How many of your new customers from this year have still only sent you one order?  These “one-and-done” customers can create a lot of inefficiency for the business. If we can solve this, we can accelerate the growth of the business. More often than not, a large number of one-and-done customers points to a weakness in the customer onboarding experience. A great onboarding experience can help you keep and grow more of the customers you worked so hard to acquire.  A small investment here will have a big return because:

  • Customers who are properly onboarded are more likely to be happy.
  • Happy customers stay with you.  (Customer retention)
  • Happy customers buy in more categories from you. (Share of wallet)
  • Happy customers refer other customers.  (Customer acquisition)

These are all compounding benefits that every business wants, and it all starts with onboarding.  Here are a few questions to help you assess your current onboarding process:

  1. Is someone in the company responsible and accountable for the customer onboarding experience for each new customer? With any function, if someone isn’t responsible for it, it’s not going to happen consistently.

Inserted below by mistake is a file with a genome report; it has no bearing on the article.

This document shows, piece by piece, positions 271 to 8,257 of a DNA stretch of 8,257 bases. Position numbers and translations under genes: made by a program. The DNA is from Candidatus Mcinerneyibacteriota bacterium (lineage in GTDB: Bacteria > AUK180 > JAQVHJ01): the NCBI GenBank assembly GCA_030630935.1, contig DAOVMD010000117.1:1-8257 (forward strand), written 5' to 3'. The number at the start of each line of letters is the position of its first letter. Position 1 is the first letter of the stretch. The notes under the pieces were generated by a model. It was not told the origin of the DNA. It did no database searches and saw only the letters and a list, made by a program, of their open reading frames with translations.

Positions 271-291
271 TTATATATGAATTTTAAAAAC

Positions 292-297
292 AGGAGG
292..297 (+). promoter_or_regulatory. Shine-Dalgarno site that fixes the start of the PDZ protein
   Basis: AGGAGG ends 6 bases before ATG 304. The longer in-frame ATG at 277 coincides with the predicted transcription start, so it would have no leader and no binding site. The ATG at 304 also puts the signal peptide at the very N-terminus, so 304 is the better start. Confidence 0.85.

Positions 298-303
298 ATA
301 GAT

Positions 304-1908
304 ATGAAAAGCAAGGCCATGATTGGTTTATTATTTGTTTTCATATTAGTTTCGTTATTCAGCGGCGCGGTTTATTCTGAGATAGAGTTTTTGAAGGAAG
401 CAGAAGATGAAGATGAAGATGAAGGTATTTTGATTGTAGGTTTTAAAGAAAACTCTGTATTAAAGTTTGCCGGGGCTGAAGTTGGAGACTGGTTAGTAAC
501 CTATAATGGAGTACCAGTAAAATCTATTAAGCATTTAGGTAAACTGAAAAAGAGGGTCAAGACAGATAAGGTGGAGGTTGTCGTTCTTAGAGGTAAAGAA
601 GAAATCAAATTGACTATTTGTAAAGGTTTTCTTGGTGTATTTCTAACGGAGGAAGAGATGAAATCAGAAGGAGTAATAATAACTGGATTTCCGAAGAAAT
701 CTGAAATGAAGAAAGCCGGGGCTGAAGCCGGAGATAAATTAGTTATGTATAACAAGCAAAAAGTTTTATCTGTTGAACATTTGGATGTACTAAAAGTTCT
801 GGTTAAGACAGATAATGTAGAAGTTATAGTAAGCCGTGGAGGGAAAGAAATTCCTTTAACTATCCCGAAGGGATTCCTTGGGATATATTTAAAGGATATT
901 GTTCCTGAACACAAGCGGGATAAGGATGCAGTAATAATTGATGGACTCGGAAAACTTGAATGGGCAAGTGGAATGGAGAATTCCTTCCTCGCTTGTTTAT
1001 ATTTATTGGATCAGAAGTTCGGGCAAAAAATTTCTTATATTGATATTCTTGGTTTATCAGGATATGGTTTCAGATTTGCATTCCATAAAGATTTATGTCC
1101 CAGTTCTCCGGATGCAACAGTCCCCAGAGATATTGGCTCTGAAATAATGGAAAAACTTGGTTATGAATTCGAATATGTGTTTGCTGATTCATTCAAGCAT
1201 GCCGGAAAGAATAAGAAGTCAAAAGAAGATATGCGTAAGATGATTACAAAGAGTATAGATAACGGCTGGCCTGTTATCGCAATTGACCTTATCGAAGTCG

2. Does your onboarding process involve at least one live conversation with the customer to understand what is important to them?  For example, if you’re a dental laboratory, this is a great opportunity to get the customer’s prescription preferences. By doing this at the beginning, you can understand the customer expectations early and meet that expectation from the beginning.
  3. Is your onboarding process just a single step, or does it involve several touch points over the first several weeks of your relationship with the customer? A few light touch points (respecting the customer’s time) go a long way toward keeping you top of mind with the customer and making them feel welcome.
  4. Do you have metrics for onboarding new customers? If not, you’re not alone. A good starting point is to look at how many orders each new customer has sent so far.

If you don’t have an onboarding process, I recommend just starting with something simple. You can just make a welcome phone call when receiving the first order. Perhaps you can do a check-in call two weeks later to see if the customer is satisfied and try to see if there is anything that might prevent them from sending a second order. Most importantly, monitor the metrics and feedback. This should drive process improvements based on what you learn from your customers who progress through to become loyal customers and especially those who do not. After just a few weeks of running and monitoring this onboarding process, you can make small changes that will vastly improve your customers’ experience and your bottom line.